Monday, August 30, 2010

Ride it out?

I love parenting most of the time. I have been very public about my ideals, including gentle, responsive parenting, child-led weaning, baby-wearing and cosleeping. I'm no martyr--most of the time I really enjoy those aspects of being a mom. The last few days, however, I've felt it creeping up on me: a growing sense of claustrophobia, a sensation of being touched-out.

My love language is touch, and it takes a lot to get me to think that it is too much. However, between wearing the baby, nursing three, and sleeping next to a couple of them, I could probably count on my fingers, with only a few toes, the number of minutes that no one else is making physical contact with me some days.

And while I expect to be up a lot in the night with a baby (who, funnily enough, has been sleeping 5 hours stretches since she was a couple of weeks old), our two year old has been trying to cope with some major disruptions in routine by nursing every hour and a half in the night. Our six year old is going through a very sensitive time where anything less than a whole-hearted embrace and showers of affection result in tears and sobs of not being loved as much as the babies. Last night when I gently but firmly told them both that I needed space there was great weeping.

I've been here before. While certainly not a place I enjoy, I've visited a few times in the last few years. I know that both their neediness and my discomfort are temporary. So, while I could choose to wean, or at least restrict nursing, and change our sleeping arrangements, etc, I am making the choice to ride it out. For one thing, even if I refused to let her nurse at night or to let them sleep with us, it wouldn't result in more sleep for any of us.

The real issues behind the insecurity--adjusting to a new baby, a new schedule, me working significantly more, and other things--are just things to ride out. In fact, adding a new change on top of them would likely just exacerbate the problem. But while gritting my teeth and going with the flow may work up to a point, I have some other tried and true strategies:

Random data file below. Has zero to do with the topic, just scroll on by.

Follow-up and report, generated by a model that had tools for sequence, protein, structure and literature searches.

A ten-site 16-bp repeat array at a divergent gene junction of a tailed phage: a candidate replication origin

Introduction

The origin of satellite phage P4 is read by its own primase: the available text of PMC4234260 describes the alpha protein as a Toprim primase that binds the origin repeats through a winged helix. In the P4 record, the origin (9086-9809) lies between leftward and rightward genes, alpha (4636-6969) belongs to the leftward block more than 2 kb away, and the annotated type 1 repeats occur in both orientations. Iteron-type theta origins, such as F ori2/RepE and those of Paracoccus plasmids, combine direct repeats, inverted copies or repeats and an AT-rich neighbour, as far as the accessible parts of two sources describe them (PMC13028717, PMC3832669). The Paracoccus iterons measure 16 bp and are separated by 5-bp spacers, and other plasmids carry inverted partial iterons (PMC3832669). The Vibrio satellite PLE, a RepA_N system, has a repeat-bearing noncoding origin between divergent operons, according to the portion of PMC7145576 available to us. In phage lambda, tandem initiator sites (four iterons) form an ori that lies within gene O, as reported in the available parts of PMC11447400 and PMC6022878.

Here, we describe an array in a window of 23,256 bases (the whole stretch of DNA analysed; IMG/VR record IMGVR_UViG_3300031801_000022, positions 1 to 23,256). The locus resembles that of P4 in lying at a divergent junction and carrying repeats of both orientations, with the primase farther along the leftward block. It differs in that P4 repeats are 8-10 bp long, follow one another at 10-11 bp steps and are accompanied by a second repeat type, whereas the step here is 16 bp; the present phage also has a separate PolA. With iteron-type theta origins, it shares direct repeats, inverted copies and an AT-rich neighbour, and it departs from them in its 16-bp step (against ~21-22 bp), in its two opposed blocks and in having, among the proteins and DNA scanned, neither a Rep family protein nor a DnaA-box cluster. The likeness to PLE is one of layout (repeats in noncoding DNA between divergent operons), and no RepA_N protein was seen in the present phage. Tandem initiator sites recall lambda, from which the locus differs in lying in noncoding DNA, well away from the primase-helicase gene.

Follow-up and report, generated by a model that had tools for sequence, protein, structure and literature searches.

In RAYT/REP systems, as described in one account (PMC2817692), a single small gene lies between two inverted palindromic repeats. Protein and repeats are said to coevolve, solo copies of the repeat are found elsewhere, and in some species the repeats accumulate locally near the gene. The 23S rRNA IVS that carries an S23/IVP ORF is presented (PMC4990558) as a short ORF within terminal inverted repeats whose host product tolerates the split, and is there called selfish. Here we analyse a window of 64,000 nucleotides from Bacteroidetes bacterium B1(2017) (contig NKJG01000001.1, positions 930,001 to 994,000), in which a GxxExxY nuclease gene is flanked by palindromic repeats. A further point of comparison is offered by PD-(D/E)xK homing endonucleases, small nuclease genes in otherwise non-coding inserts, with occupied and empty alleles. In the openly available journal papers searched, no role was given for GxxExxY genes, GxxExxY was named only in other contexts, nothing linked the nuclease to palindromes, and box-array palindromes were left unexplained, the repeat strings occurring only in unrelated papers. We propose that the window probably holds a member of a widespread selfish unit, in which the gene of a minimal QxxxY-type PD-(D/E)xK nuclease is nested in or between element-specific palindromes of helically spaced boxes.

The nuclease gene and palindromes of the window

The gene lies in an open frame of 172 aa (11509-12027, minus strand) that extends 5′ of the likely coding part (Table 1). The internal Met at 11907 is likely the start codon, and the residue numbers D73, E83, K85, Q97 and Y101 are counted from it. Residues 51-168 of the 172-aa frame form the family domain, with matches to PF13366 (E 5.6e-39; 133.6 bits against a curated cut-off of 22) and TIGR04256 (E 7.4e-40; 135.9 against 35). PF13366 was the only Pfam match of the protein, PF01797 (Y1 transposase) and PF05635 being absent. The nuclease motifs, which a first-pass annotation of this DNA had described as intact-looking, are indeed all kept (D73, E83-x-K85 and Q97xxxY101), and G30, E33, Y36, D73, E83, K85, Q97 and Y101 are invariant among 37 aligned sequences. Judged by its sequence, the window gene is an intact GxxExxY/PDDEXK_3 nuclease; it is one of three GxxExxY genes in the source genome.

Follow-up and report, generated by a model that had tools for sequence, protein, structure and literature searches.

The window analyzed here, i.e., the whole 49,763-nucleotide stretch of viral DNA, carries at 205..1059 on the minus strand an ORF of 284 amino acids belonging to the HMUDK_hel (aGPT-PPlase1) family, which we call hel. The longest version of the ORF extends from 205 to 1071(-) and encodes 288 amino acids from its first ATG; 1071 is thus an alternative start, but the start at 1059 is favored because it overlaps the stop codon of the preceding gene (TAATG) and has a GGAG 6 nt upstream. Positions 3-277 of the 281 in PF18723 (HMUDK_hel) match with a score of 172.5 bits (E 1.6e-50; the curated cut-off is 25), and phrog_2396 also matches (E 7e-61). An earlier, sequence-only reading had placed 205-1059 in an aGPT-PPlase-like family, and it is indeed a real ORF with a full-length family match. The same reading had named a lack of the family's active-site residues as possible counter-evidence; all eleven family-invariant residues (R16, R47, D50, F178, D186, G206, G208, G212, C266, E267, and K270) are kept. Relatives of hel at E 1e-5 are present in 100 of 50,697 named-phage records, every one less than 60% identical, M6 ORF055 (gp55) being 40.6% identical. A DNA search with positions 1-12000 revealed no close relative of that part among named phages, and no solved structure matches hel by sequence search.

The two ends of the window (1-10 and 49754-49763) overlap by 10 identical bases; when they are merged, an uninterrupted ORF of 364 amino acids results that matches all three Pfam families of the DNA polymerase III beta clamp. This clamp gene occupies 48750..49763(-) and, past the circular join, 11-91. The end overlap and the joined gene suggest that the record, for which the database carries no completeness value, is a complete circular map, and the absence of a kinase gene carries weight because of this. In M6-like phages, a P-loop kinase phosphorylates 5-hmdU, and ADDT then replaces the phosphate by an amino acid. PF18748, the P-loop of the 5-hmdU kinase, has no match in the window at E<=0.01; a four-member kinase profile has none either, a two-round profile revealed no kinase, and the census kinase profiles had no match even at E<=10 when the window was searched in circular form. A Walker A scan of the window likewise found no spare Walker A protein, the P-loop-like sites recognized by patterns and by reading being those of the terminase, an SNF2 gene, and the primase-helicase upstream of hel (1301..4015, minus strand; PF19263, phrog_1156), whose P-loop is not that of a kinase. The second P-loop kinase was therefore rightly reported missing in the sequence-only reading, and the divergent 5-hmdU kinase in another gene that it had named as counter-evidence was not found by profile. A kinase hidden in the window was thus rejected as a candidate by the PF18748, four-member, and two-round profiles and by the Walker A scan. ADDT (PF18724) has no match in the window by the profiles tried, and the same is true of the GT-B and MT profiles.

* Drinking lots of water. I learned when nursing while pregnant that hydration makes a huge difference!

* Seize the moment. There are so many things going on right now that my options are limited, but I plan to grab any moments I can for time alone. That includes savoring the fleeting moments in the night when all is quiet. It may also include locking myself in the bathroom with an iced coffee, a bar of chocolate and humming loudly with my fingers in my ears.

* Remember that it is my choice, and that it can be changed. Mentally acknowledging that I have the power to change this situation makes a difference. I am not a victim and I am not trapped. If it doesn't work, I can try something else.

* Grace. I give grace to my myself as well as my children. It is OK to feel irritated, angry, impatient or any other feeling. I won't live in that feeling--just let it go.

* Set boundaries when needed. Despite the tears, I didn't feel any guilt over telling the kids that I needed space. During the day, they can handle that calmly. The problem is that I am most likely to need that when we are all tired and less able to process things rationally.

* Remember. Remember how sweet they are and how quickly this goes by. Remember the times we have gone through this before and it passed.